Ordinance says ‘most’ city businesses going smoke free

Sara Phillips, a senior from Floyds Knobs, Ind., smokes a cigarette at Tidball’s on Wednesday night. “I understand banning smoking in restaurants, but I think that small businesses should have the choice to allow smoking or not. Especially in places like bars,” Phillips said.

Aaron Frasier

An ordinance banning smoking in most public places in Bowling Green comes into effect 90 days from last Monday, when city commissioners passed the ordinance with a 3-2 vote.

It begs the question: What’s “most?”

According to the ordinance, no person will be allowed to smoke in any building or enclosed area, including but not limited to all office buildings and work places, with a few exceptions.

Exceptions include retail tobacco stores, homes and designated smoking areas mandated by the government.

Smoking near building entrances will be prohibited. Also, “no smoking” signs will be required in buildings, and ashtrays will be removed.

Jeff Zeman, manager of Overtime Sports Bar and Grill, said he doesn’t expect his business to be affected by the new ordinance.

“People aren’t going to stay home just because they can’t smoke,” Zeman said. “They didn’t come here just to smoke. We will have to make adjustments, but people are still going to come.”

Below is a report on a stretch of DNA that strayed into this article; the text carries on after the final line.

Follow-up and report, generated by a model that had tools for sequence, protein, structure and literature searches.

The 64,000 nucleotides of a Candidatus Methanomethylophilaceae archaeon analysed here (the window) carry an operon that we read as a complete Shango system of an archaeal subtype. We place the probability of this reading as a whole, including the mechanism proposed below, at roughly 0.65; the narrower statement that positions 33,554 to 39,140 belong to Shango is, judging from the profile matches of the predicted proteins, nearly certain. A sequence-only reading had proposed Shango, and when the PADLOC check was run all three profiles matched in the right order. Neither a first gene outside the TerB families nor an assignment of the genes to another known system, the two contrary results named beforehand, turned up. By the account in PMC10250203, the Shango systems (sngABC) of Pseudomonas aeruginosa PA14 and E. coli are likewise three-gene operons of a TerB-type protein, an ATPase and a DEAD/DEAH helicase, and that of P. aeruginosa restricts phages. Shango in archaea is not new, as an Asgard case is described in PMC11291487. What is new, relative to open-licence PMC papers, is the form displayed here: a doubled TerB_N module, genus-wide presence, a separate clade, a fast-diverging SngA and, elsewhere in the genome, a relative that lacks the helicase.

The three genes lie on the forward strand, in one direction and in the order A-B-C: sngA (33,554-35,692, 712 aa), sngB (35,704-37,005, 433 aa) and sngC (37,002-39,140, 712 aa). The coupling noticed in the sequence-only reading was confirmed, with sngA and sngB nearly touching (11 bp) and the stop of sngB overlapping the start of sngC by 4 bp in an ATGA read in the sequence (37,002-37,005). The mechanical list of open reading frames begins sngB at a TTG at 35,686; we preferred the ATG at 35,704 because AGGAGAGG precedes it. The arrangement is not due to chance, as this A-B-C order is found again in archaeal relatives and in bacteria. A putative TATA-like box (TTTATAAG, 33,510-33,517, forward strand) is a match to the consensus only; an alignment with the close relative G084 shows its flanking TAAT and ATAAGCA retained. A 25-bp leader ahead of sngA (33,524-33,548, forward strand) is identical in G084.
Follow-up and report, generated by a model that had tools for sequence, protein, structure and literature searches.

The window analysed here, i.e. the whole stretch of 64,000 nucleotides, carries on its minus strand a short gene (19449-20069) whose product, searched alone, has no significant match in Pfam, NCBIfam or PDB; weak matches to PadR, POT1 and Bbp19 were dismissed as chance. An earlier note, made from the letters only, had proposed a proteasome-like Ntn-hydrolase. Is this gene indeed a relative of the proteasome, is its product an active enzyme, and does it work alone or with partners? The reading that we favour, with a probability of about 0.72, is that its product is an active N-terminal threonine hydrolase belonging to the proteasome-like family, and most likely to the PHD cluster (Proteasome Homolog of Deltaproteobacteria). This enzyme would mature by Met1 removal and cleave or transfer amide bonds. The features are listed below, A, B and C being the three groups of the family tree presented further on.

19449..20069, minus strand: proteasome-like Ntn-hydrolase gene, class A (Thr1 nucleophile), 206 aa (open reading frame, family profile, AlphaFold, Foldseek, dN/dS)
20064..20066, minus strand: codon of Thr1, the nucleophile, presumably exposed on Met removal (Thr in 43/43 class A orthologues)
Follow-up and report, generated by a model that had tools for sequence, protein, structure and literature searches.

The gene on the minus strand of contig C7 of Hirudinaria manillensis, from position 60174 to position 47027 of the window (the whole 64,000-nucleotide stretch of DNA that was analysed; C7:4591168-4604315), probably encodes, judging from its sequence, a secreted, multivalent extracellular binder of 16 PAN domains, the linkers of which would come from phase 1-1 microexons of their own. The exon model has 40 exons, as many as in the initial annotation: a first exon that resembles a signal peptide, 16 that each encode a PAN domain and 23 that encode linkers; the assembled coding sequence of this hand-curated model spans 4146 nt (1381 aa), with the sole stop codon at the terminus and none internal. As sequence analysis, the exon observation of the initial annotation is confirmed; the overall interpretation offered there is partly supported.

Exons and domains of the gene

Though opinions on the smoking ordinance have varied, Zeman said Overtime’s business should be fine.

“It’s what the community wants and through their elected officials, the majority has spoken,” Zeman said.

California senior Onica Robert, who regularly works in secondhand smoke in her job at Buffalo Wild Wings, said she likes the new ban.

“I’m not a smoker, and I think it is a good idea,” Robert said.

Louisville freshman Casey Park, a smoker, said she feels people who are on the edge of quitting smoking might be led to quit with this ban. However, she says those who aren’t trying to quit are still going to smoke when and where they want.

“It’s frustrating,” Park said. “I feel I should have the right to smoke if I want to. However, I understand non-smokers not wanting to be subjected to secondhand smoke.”

Parks thinks it will take years to completely enforce this kind of law. She joked that she would have to start looking for cops before she “lights up.”